We’ve already seen a few more times here how some people will live to a very old age in a psychiatric clinic, spending decades there. This certainly goes for Schwartz. He died in the clinic in 1971, at the age of 83.

I would like to know exactly how he was treated during his almost 60 years as a psychiatric patient in the clinic. Was he cured, to some extent? Did he settle down, in some way? Or was he just kept dulled and numb by heavy sedation, as was done so often with schizophrenics at that time?

Unfortunately I could find no information about all this. It looks like once he was safely locked away, people lost interest. They all were fascinated by what this man had done in a few days of terror – not by the long remainder of his life. Even though that remainder was tragic as well, in a different way.


  • The above newspaper clipping is from the Vienna newspaper Die Neue Zeitung, September 1, 1912, archived online at the site of the Österreichische Nationalbibliothek.
  • There is a very brief “Romanshorn shooting” Wikipedia entry with references that show that in September 1912 main American newspapers also reported about it.
  • The psychiatric clinic of Münsterlingen is still operating at the same location today. The old postcard that shows the asylum in Schwartz’s time is from a Swiss newspaper article about another topic: the history of illegal medication trials in this clinic (later, in the 1950s).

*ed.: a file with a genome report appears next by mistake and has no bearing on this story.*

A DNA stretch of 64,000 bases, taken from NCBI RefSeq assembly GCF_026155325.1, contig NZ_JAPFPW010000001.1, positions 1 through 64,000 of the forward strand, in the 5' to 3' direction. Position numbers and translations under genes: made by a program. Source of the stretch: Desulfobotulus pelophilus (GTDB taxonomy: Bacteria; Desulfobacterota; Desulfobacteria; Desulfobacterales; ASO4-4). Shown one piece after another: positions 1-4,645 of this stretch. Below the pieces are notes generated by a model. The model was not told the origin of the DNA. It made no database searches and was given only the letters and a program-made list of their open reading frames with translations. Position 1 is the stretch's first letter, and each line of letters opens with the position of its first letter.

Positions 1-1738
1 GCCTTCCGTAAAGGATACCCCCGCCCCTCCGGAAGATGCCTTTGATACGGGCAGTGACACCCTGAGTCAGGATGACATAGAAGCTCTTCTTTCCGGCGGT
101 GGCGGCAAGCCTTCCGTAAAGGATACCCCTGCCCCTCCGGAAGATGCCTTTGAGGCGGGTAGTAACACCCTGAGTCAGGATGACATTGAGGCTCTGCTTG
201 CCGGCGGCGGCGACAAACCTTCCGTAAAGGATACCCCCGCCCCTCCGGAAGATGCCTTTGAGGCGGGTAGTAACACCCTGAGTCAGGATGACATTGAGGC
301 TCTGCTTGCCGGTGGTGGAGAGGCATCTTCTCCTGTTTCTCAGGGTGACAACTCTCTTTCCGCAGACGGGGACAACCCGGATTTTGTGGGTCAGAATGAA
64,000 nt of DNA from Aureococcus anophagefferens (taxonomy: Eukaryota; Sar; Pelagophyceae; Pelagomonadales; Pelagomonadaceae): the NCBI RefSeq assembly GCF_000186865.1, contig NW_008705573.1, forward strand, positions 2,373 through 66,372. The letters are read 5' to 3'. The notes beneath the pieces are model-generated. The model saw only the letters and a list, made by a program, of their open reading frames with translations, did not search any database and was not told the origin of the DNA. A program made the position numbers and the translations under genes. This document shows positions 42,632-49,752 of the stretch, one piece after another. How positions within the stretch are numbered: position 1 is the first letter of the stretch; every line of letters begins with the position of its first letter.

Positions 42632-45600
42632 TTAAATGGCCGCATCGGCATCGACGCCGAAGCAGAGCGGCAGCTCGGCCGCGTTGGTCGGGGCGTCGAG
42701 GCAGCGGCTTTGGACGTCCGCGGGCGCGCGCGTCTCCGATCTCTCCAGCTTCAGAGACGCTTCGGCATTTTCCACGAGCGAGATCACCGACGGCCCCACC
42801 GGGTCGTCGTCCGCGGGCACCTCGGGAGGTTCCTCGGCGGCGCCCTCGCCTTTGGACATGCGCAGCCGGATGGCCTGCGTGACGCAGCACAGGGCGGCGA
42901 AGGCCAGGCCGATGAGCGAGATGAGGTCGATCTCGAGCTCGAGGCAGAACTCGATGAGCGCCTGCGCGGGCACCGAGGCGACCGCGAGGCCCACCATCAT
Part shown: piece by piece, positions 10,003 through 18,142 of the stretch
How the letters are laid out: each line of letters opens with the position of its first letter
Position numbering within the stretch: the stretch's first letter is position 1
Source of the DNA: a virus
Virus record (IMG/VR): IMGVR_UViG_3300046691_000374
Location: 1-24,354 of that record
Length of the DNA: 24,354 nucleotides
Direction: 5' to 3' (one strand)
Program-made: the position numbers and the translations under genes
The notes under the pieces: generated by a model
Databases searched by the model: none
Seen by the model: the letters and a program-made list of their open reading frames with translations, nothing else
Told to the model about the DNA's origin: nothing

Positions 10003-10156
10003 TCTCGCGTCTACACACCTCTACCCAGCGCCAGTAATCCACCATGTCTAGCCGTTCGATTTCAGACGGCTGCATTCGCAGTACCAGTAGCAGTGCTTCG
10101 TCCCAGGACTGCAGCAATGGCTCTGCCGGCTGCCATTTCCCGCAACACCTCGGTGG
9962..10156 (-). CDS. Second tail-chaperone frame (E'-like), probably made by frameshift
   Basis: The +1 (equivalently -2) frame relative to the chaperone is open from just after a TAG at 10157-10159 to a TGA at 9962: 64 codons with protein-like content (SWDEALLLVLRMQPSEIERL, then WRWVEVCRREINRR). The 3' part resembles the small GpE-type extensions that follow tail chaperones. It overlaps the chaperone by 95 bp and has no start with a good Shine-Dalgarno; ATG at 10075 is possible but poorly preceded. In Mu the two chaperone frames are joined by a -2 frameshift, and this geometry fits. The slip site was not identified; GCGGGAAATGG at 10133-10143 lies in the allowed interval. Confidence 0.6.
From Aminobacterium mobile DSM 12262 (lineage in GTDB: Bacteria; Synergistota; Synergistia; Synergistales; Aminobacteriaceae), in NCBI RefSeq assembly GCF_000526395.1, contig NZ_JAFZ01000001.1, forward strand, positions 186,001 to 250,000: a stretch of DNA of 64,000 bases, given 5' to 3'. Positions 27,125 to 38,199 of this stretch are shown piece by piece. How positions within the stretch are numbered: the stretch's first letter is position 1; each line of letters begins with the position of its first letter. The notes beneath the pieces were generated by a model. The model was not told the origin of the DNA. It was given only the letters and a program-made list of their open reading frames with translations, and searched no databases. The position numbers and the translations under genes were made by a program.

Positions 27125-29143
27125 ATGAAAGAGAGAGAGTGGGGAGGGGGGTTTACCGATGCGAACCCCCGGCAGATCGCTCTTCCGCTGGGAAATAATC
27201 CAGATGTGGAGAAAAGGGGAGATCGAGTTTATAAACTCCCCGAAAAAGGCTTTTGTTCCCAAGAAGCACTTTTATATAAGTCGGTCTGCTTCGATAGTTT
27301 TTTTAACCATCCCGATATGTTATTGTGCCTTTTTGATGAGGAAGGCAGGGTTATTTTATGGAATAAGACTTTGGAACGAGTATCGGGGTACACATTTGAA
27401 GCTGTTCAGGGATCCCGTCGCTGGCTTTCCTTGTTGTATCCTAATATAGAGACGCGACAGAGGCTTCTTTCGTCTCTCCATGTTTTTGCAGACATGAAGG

Source article: Brutalität war an der Tagesordnung, in the online newspaper St. Galler Tagblatt, January 15, 2013. Perhaps I will get back to this unrelated topic some other time.


1996: Christine Pascal

August 30, 1996 – Suicide of French movie actress Christine Pascal (42). She killed herself by jumping from a window of the psychiatric clinic at Garches, near Paris, where she had been admitted five days before because of serious depression.

Christine Pascal

Pascal was a prominent, successful, and well-loved figure in the French movie scene. She worked not just as an actress (playing since 1974 in at least 25 French movies, with directors such as Bertrand Tavernier) but she also wrote scripts and directed films herself.

One of her own films was the prize-winning Le Petit prince a dit (1992) about an estranged couple whose child is dying from cancer.

In several of her films autobiographical elements or psychological difficulties formed a main theme: expressed, for example, in the ever-problematic clash between our sudden sexual impulses and our deeper love emotions.

A very sensitive person herself, Pascal was also known for her depressions and suicidal tendencies. When in 1984 an interviewer asked her the question – a really dumb question, in my opinion – how she would prefer to die, she bluntly replied: “By killing myself, when the time has come”.

Christine PascalChristine Pascal in the 1977 movie Des Enfants Gatés
(scripted by Bertrand Tavernier and herself)

Court Case

Pascal’s tragic death led to a remarkable court case. It turned out that in the days before her death the depressed actress had openly told several people in the psychiatric clinic, including nurses, that she was thinking about killing herself. Her husband, Robert Boner, held the clinic partly responsible for her death. He sued them for negligence.